On Wednesday, I joined a group of mothers for a powerful conversation on how we can improve the health and well-being of women and children, and the topic on everyone’s mind was the horrifying kidnapping of more than 200 schoolgirls in Nigeria.
As a mother and an advocate for girls, I’m appalled and angry at this assault on girls because they were excising their fundamental right to education. The UN Foundation joins the call of United Nations Secretary-General Ban Ki-moon and other UN leaders for the immediate release of the girls.
From this terrible act to the attack on Pakistani teenage education advocate Malala Yousafzai in 2012 to the countless other horrors inflicted on girls that never make international headlines, it’s clear what extremists fear: girls with books, pens, and dreams.
The sad reality is that millions of girls around the world are denied education and health care, forced into child marriage, sold into slavery, and subjected to violence. Enough.
Every girl has the right to decide her fate; now it’s time to make sure every girl has that chance. This horrendous attack must be a wake-up call for the world to do more for the girls in Nigeria and for girls everywhere.
We must channel our outrage into results for girls around the world. We must become agitators for change, not bystanders to the status quo. Raise your voice so girls remain on the world’s radar. Get involved and support their health, education, and empowerment.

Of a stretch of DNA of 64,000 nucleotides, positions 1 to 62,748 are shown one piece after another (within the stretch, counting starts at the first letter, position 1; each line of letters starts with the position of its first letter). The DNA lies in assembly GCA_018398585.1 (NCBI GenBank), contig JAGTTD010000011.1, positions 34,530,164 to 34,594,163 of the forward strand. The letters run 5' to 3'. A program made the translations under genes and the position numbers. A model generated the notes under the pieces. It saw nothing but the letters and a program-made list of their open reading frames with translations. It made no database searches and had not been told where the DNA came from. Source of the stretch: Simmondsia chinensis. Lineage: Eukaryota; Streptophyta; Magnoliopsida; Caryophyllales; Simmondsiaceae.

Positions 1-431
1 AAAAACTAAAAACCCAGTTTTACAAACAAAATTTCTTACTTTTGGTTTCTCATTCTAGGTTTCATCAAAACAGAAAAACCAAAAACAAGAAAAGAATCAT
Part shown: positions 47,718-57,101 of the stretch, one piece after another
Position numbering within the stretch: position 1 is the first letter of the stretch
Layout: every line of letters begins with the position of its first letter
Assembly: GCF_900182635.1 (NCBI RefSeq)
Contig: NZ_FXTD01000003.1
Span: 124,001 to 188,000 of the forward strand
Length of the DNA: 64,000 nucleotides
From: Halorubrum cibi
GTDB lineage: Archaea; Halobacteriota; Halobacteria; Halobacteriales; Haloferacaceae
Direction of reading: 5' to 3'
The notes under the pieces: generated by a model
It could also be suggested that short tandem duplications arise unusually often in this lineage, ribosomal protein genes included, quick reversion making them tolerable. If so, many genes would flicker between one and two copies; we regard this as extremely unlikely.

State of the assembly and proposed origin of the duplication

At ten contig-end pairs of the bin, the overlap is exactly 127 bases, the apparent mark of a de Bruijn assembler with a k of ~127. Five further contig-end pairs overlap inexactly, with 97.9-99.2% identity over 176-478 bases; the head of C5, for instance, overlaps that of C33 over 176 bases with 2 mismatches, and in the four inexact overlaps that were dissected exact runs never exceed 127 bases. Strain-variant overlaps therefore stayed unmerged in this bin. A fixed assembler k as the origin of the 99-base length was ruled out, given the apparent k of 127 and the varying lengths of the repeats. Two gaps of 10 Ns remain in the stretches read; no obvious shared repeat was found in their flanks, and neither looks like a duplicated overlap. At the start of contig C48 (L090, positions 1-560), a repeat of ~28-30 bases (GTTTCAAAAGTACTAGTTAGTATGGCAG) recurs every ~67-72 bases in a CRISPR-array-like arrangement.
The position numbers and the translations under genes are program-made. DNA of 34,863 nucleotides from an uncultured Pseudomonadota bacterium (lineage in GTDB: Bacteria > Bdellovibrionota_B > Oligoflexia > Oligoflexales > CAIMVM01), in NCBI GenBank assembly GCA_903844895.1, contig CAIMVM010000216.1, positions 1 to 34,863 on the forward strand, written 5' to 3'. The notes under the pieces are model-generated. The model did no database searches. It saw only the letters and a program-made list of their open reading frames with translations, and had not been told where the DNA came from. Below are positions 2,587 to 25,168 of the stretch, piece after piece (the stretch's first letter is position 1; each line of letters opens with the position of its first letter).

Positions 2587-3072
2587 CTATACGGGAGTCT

During the Moms +SocialGood conversation, Elizabeth Smart, whose resilience continues to inspire us, powerfully called on us to speak out against violations against children, saying:
“There is so much that all of us can do.… All of us should be raising our voices so loud and talking about it so much and not stopping until there is change. This should be an ongoing, non-stop conversation. This should extend politics, this should extend borders, this should extend languages, barriers…. This should be something we all care about…”
She also had this beautiful message to the kidnapped girls from Nigeria:
“You cannot be devalued. You have worth that can never be taken away from you no matter what happens.”
(Photo credit: UNICEF/NYHQ2007-0515/Nesbitt)